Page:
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Pentamerone Day One
Day Two
Day Three
Day Four
Day Five

                                        THE ENCHANTED DOE
                                                        Day 1, Tale 9
                                        retold in rhyme by Laura J. Bobrow


There once was a king who desired to have heirs,
but the gods gave no answer to his fervent prayers.
Then he thought if he gave away money, he’d find
that the gods would take note and be favorably inclined.

So he welcomed all beggars and pilgrims he met.
He spread out his wealth. He spent freely. And yet
no child had been born. Well enough, then. No more,
growled the King. He retired, and he bolted his door.

Now one pilgrim he’d aided along with the rest
sought to find out the reason the King was distressed.
What is wrong? roared the King. I’ve spent money in vain
and I still have no son. That’s what’s giving me pain.

If that’s all that is wrong, you have nothing to fear.
I can promise your wife will give birth in a year.
I pledge my two ears what I say will come true,
if you will but do what I tell you to do.

You must first catch a sea dragon’s heart on a hook.
Then give it to only a virgin to cook.
The odor will make her conceive. When it’s done
feed the heart to the Queen. She will bear you a son.

That’s impossible! snorted the King with a cry.
But ... I’ve nothing to lose. Let me give it a try.
The King called his sailors and sent them to sea
with every device to catch fish there might be.

They had reels, traps and lines. They had trawls used to sweep,
and they tacked and they turned as they plundered the deep
‘til at last a sea dragon was caught on a string.
They ripped out its heart and went straight to the King.

A young virgin servant cooked Dragon Heart Stew.
The steam made her faint and her small belly grew.
When the Queen ate the heart, it was tender and mild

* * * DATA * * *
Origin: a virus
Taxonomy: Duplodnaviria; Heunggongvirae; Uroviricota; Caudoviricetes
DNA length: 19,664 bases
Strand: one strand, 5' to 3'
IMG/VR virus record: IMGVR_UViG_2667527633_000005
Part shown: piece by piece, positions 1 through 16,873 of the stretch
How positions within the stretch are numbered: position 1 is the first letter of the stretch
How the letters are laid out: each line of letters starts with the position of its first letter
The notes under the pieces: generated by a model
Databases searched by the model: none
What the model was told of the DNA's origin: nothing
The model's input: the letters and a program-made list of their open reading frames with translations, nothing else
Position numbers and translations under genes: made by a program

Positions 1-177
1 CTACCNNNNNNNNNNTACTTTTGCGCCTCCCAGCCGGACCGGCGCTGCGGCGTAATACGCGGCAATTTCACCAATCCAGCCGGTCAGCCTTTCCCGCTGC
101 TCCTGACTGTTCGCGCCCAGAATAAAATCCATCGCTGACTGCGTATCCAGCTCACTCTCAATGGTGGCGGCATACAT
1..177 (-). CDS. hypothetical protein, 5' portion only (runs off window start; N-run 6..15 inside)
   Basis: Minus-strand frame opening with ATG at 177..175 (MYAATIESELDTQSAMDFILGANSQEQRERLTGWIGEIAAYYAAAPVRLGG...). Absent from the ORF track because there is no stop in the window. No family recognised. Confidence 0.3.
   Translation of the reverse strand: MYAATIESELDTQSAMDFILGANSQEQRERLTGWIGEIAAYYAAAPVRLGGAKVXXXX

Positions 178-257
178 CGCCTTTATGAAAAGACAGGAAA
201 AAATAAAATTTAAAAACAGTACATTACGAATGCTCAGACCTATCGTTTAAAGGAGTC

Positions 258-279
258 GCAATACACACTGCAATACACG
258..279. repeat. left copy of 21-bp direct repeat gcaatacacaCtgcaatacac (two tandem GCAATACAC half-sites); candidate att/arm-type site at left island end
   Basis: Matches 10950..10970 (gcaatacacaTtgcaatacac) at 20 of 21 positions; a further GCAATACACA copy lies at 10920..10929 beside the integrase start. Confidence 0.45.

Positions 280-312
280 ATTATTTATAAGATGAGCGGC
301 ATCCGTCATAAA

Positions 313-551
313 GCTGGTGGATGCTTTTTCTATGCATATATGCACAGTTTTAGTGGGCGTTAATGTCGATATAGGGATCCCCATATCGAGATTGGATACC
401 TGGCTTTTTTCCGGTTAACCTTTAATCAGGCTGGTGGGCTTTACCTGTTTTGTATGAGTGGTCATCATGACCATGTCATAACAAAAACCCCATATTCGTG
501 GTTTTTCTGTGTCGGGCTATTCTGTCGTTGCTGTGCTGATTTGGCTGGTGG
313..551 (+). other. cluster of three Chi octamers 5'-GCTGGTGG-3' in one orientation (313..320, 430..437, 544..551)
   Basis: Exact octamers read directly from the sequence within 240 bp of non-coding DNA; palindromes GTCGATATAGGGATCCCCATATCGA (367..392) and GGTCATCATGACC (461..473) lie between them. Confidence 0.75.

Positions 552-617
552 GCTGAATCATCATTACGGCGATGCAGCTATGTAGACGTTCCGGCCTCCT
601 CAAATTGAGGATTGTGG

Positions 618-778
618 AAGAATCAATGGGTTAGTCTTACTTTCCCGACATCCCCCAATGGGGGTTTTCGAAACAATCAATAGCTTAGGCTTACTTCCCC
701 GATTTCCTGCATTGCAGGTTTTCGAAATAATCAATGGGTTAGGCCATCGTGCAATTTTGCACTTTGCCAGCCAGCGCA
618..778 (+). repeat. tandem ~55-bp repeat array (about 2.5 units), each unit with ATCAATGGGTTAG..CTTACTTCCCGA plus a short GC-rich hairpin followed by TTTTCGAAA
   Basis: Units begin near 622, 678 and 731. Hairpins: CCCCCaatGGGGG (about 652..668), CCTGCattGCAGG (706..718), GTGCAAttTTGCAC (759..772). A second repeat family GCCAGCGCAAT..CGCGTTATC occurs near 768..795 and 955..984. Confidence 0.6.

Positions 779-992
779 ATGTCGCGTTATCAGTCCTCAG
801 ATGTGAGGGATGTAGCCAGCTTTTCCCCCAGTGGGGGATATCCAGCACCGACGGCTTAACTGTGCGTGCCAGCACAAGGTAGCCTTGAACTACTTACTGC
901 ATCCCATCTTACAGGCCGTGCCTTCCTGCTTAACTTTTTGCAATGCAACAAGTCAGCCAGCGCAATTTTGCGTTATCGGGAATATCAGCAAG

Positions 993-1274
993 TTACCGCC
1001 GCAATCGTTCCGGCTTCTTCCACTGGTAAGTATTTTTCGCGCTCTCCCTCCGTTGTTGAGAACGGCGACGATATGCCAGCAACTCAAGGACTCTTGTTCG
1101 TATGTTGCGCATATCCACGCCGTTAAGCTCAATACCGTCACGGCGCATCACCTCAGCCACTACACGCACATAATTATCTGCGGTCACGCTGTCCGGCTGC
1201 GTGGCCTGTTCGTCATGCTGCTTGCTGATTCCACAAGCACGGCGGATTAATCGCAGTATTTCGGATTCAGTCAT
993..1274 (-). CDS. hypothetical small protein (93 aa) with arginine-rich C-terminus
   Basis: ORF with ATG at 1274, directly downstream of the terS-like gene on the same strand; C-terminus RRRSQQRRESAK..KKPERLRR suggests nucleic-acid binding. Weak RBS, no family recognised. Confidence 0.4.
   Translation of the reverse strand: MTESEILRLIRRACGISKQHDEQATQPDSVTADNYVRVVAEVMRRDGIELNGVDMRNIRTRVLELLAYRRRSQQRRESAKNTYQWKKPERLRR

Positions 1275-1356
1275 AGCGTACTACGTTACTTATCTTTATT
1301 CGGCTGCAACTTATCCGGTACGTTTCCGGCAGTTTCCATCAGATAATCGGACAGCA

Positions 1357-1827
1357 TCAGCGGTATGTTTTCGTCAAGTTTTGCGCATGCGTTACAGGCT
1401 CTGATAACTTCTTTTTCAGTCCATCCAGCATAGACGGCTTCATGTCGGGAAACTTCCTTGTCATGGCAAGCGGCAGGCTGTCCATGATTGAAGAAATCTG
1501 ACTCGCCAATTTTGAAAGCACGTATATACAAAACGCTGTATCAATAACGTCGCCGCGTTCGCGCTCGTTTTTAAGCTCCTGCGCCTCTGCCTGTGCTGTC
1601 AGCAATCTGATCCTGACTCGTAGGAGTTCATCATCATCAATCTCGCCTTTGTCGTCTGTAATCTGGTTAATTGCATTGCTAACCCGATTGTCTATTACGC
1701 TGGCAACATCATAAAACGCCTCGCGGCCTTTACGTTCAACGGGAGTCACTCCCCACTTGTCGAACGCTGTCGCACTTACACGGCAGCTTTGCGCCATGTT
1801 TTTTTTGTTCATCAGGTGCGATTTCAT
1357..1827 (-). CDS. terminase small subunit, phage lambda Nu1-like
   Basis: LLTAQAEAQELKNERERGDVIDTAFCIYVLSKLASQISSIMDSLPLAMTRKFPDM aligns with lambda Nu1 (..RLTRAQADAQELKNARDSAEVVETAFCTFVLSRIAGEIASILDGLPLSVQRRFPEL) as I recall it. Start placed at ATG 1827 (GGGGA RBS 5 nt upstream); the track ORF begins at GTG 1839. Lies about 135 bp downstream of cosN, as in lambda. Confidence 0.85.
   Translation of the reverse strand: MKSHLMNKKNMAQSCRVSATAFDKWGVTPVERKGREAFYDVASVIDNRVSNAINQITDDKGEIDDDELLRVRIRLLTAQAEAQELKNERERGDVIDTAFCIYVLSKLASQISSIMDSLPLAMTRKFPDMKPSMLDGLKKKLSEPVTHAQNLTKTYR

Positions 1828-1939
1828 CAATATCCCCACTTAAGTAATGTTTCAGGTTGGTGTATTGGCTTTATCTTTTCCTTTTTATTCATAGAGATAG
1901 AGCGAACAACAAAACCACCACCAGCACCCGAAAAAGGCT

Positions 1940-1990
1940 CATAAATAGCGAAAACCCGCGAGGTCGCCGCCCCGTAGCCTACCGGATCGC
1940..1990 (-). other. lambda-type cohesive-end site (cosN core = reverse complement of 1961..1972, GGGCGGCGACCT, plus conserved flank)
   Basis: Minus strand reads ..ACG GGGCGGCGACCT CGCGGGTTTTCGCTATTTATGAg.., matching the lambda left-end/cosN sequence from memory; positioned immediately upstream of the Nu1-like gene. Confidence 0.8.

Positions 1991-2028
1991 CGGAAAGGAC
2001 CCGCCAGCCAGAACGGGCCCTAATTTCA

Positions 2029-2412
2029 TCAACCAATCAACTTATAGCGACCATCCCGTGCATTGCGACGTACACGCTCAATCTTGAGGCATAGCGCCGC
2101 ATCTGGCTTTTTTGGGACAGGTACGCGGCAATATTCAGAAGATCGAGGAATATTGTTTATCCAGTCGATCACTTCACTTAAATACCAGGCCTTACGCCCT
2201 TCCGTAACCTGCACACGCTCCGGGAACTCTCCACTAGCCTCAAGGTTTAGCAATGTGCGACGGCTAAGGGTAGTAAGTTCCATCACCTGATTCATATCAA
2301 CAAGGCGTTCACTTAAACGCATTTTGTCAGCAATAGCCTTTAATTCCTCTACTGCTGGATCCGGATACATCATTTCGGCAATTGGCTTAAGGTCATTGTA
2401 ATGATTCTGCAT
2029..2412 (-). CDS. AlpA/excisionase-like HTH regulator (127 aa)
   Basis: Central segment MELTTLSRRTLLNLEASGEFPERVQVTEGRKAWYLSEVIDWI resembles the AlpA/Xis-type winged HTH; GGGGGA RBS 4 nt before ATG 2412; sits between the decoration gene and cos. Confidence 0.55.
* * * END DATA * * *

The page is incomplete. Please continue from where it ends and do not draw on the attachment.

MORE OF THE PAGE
and before seven bites she was swelled up with child.

and the strong box swelled up with a new little chest,
and the weapons with small arms, a coat with a vest,
the canopy bed with a small little cot,
and the bitches with puppies, the stove with a pot.

Two babies were born. They were fair to be seen,
one to the servant and one to the Queen.
They were so much alike, these two sons of the heart,
that only their mothers could tell them apart.

The two boys grew closer the older they got
as if their two spirits were tied in a knot.
Fonzo’s love for his brother was tender to see.
But the Queen became filled with intense jealousy.

Why, he loves Canneloro, my serving girl’s son
more than he loves his mother! Now what’s to be done?
Her envy increased to the point where she knew
that to kill Canneloro was what she must do.

Canneloro and Fonzo were busy one day
making bullets of lead for a hunting foray.
The metal was melting, the fire was hot
when Fonzo went off for some tool he’d forgot.

The Queen, when she saw Fonzo leaving, grew bold.
She entered the room and she picked up the mold.
Then quickly, with malice, she flung the hot lead
as hard as she could at the hated boy’s head.

He managed to duck, but some lead hit him, Ow!
and made a deep wound just above his right brow.
He was saved from more harm because Fonzo returned.
He pulled on a hat to conceal he was burned.

Though in pain, Canneloro remained standing still
while the Queen kissed her son. Son, be careful.   I will.
But as soon as she left, he said, Fonzo, don’t grieve,
but I find that it’s urgent that I take my leave.

But why would you leave? What’s the matter? What’s wrong?
Suffice it to say that my reasons are strong.
You’re my heart. You’re my love. We’re so close! All these years!  
The two boys embraced and they shed many tears.

And now we must chart Canneloro’s new course.
He armed himself well and he mounted his horse.